Wu Huixin|
Exhibition

Three generations of woodcut artists star in show at museum

2024-04-07 to 2024-04-07
Zhejiang Art Museum
138 Nanshan Rd 南山路138号
2024-04-07 to 2024-04-07
Zhejiang Art Museum
138 Nanshan Rd 南山路138号

Through April 7, woodcuts take center stage at the National Invitational Exhibition of Narrative and Thematic Prints in five sections according to different historical periods and themes.

Ninety years ago, Lu Xun, a leading figure in 20th-century Chinese literature, urged artists to use woodcut posters to inspire patriotism and the fighting spirit in war. Since then, woodcut have developed into an art genre in China and continue their popularity with young artists.

The exhibition, housed in the Zhejiang Art Museum, showcases 300 works from three generations of esteemed artists, notably including Zhang Yangxi, Zhao Yannian and Zhang Huaijiang, who are revered as the pioneers of Chinese woodcut art.

They are joined by Li Huanmin, Zhao Zongzao and Xu Kuang, who led the second generation, and Wang Gongyi, Kang Ning and Wu Changjiang, the contemporary artists continuing this time-honored art.

Visitors can form a well-rounded picture of the art form's development and learn how it has evolved into a media recording social changes.

Woodblock printing, originating in China around 1,200 years ago, played a pivotal role in the history of printing and communication in ancient China. Initially, monochromatic woodblock prints were utilized to reproduce and disseminate paintings and books.

During the 1930s, the Muling Woodcut Society, which was established in Hangzhou under Lu's guidance and instruction, brought together many patriotic artists and published paintings to stir the public conscience. The society is still going strong and has become part of the China Academy of Art.

When China was torn by war and civil conflicts, artists used wood chisels, brushes and pens to create works that inspired people to fight against invasion and their enemies. Such themes are epitomized by the works from the first generation of modern masters.

Three generations of woodcut artists star in show at museum
Ti Gong

A woodcut print by Zhang Yangxi (1912-1964)

Zhang Yangxi (1912-1964), one of the most famous of these artists, produced hundreds of prints and other works during the War of Resistance against Japanese Aggression (1931-1945). They aroused sympathy for victims and the underprivileged, motivated people to resist, praised farmers and the working people, and showcased the progress achieved by Chinese people.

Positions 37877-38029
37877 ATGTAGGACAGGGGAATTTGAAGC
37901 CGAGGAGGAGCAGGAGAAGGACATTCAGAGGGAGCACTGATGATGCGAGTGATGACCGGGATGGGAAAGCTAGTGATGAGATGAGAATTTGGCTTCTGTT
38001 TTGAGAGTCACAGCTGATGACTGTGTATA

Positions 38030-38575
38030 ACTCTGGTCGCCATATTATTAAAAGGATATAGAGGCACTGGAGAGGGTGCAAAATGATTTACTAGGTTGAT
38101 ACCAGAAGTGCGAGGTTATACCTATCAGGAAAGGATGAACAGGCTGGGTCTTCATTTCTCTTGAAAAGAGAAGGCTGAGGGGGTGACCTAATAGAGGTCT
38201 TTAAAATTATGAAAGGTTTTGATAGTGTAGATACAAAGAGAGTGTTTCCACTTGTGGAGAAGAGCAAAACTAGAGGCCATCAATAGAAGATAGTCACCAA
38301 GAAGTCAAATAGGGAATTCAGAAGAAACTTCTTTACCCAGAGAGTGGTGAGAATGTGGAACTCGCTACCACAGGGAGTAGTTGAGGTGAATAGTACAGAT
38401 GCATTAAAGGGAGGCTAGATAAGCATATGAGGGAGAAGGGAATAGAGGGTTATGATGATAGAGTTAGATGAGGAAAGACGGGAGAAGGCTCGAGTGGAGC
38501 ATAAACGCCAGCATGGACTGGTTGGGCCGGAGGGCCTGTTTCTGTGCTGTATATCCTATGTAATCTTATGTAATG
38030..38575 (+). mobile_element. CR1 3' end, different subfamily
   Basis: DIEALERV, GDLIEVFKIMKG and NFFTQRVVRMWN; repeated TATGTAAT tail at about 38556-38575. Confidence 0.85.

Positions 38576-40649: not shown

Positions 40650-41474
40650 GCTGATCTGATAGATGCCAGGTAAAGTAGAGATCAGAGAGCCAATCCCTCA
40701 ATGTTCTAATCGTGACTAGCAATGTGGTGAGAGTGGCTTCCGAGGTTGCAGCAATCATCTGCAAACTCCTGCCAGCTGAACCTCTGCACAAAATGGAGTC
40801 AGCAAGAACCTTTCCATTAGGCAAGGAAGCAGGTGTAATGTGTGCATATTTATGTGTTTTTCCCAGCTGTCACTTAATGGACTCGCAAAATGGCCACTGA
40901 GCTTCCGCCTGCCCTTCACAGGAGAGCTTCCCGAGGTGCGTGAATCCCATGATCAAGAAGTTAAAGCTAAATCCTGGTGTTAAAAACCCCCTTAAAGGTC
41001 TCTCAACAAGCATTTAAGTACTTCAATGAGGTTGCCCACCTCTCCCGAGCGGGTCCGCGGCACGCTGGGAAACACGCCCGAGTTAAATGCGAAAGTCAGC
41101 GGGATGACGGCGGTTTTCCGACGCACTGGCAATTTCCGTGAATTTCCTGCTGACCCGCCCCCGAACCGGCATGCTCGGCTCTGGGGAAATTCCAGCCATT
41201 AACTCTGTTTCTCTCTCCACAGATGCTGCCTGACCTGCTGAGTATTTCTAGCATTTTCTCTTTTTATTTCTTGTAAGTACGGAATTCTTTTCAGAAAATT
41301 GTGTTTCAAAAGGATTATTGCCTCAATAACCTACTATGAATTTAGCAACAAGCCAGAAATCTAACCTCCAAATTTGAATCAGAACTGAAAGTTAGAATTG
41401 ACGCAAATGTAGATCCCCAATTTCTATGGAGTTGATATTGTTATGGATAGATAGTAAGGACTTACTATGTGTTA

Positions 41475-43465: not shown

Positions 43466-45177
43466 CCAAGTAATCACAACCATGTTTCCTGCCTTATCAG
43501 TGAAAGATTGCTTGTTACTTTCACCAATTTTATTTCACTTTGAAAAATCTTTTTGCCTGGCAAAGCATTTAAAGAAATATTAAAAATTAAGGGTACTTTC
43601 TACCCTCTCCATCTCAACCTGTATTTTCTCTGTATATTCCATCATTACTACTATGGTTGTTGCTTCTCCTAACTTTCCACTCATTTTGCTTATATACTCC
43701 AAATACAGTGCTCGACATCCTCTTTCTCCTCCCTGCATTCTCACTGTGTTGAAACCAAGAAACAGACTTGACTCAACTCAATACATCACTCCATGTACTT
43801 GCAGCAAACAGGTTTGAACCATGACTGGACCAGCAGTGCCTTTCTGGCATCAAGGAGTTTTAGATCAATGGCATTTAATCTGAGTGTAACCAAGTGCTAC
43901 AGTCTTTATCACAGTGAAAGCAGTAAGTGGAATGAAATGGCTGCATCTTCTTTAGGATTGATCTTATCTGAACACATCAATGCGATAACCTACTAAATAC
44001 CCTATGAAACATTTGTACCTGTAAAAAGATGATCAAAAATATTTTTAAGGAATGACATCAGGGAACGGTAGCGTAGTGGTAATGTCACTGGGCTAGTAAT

Zhang threw himself into the woodcuts movement, discarding his earlier subjects such as landscapes and beauties. He turned instead to political subjects, the national crisis and the suffering of the people.

In 1956, with the help of the central government, Zhang established the woodcut department of the CAA in Hangzhou. This is considered his greatest contribution to modern-day Chinese art.

Three generations of woodcut artists star in show at museum
Ti Gong

Zhang Huaijiang (1922-1990) made this simple yet strong woodcut print "The Pillar" in 1981.

Zhang Huaijiang (1922-1990), another famous artist, produced hundreds of prints and other works themed on the war against Japanese invaders. He developed a unique way of cutting, integrating former Soviet Union and traditional woodcut techniques.

Many of Zhang Huaijiang's works were inspired by literary figure Lu. He later taught at the CAA and wrote an article titled "Lu Xun Teaches Me How to Hold a Pen."

Today, the CAA woodcut department is one of the main units of the college. Students inherit their predecessors' plain, strong lines to depict the environment and facial expressions. However, the themes have switched to modern life and abstraction as social conditions change.

Three generations of woodcut artists star in show at museum
Ti Gong

Zhao Zongzao's "Four Seasons of Spring" (1960)

The young generation focuses on capturing the beauty of nature and local life by portraying forests and water towns through the artful use of lines, dots and blocks. They blend hues to create a smooth transition, avoiding abrupt contrasts in their work.

Their works reflect genuine aesthetic reactions to the world, delivering a true experience with a poetic style. Some artists borrowed painting techniques from folk arts and traditional nianhua – colorful, woodcut-printed Chinese New Year paintings, which resulted in a broader vision in art creation.

A multi-colored woodblock print is traditionally created using a dozen separate methods. The time-consuming technique frequently requires months of polishing. The painters devote five times as much time to a woodblock painting as they do to an ink-wash painting.

Three generations of woodcut artists star in show at museum
Ti Gong

Wang Chao offers a unique perspective on woodcut art in his piece "Beautiful Home" (2019).

If you go

Date: Through April 7 (closed on Mondays), 9am-5pm

Admission: Free

Venue: Zhejiang Art Museum

Address: 138 Nanshan Rd

南山路138号